Railway Children (2012) – By Josh Samford

I am always enthralled by the possibility of a good "pandemic disease" movie, as weird as that may seem. There is something about a very tense thriller set in a world that is either coming to destruction or has been destroyed by a large virus, but this topic is understandably difficult to tackle without a very large budget. For an independent production to venture into this area, the filmmakers have to be decidedly creative. Without the ability to shut off city streets or litter the screen with dead bodies, many filmmakers struggle to craft a convincing apocalyptic scenario. This doesn’t stop numerous indie filmmakers from attempting their own take on the zombie apocalypse, but you won’t see many general plague films on the independent scene. When dealing with such diseases, doors are opened in new areas that genre-loving filmmakers might not be prepared for. There’s the tackling of science when dealing with a disease, and although true science can be glossed over, it still requires a certain amount of original thought – and it is much easier to tackle zombie movies because they have such a long history with predetermined rules. Railway Children may not be the science fiction title that will sweep the UK and then dominate the rest of the world, but it does exhibit all of the strong characteristics that I have mentioned so far. Imagination and strong writing are its jumping off points, but thankfully there is more.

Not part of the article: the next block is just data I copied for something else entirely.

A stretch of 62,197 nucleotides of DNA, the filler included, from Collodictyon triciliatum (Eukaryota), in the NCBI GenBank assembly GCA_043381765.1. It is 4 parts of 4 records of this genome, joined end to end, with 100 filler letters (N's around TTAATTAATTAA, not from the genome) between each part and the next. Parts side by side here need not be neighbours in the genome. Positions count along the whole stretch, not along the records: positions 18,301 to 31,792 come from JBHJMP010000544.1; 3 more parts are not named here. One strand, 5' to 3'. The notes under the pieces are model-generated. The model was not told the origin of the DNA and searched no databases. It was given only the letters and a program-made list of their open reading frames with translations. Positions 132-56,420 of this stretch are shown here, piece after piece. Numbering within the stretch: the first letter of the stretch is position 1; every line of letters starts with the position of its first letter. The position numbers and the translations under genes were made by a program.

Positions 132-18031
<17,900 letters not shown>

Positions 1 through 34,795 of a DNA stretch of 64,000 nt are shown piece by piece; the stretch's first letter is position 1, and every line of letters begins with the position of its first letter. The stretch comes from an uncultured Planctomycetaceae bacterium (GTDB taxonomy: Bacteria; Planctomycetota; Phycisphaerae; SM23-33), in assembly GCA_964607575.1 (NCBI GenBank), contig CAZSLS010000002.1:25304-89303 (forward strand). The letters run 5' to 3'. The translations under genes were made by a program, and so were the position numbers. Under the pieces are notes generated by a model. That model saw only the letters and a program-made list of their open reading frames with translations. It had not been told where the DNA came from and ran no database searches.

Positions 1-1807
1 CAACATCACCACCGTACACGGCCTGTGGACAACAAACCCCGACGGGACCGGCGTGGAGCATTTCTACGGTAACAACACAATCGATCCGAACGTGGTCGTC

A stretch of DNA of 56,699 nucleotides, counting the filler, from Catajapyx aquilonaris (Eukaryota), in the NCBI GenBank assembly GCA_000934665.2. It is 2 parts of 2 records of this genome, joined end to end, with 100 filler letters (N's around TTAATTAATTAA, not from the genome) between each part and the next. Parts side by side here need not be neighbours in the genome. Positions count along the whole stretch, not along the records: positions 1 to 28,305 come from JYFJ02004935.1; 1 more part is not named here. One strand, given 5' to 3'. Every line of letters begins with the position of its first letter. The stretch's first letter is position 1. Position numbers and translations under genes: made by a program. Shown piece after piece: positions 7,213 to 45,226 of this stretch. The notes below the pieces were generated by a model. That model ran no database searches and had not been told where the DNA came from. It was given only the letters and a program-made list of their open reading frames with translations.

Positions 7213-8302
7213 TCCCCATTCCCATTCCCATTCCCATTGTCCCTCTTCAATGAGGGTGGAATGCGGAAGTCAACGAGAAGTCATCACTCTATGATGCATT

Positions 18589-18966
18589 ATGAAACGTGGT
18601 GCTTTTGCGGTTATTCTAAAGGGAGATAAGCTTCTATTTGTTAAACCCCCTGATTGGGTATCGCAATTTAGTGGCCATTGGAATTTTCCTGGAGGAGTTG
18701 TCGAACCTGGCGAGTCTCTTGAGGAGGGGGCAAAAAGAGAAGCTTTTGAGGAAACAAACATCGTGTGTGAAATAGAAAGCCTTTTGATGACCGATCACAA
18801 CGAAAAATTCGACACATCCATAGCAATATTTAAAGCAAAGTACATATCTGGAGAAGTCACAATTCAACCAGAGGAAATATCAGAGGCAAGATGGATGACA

Railway Children is the story of planet earth after it has been struck by a virus that only seems to affect the adult population. The result is every person outside of their teenage years becoming a confused and violent maniac before eventually coughing up their internal organs and dying away. Sisters Evie (Catherine Wrigglesworth) and Fran (Emily Forster) have survived the darkest days of this apocalypse, and now they wander their homeland of Ireland looking for scraps of food in order to survive. When they stumble upon a young girl named Alice (Justine Rodgers) who has been bullied by her supposed friends, they form a quick trio. Unfortunately, these three are tormented by Alice’s former friends and all of their food is stolen. As they try to re-acquire their food from Alice’s former allies, they enter into a strong amount of tense drama. Will they get their food back or will they even survive their run in with this violent group?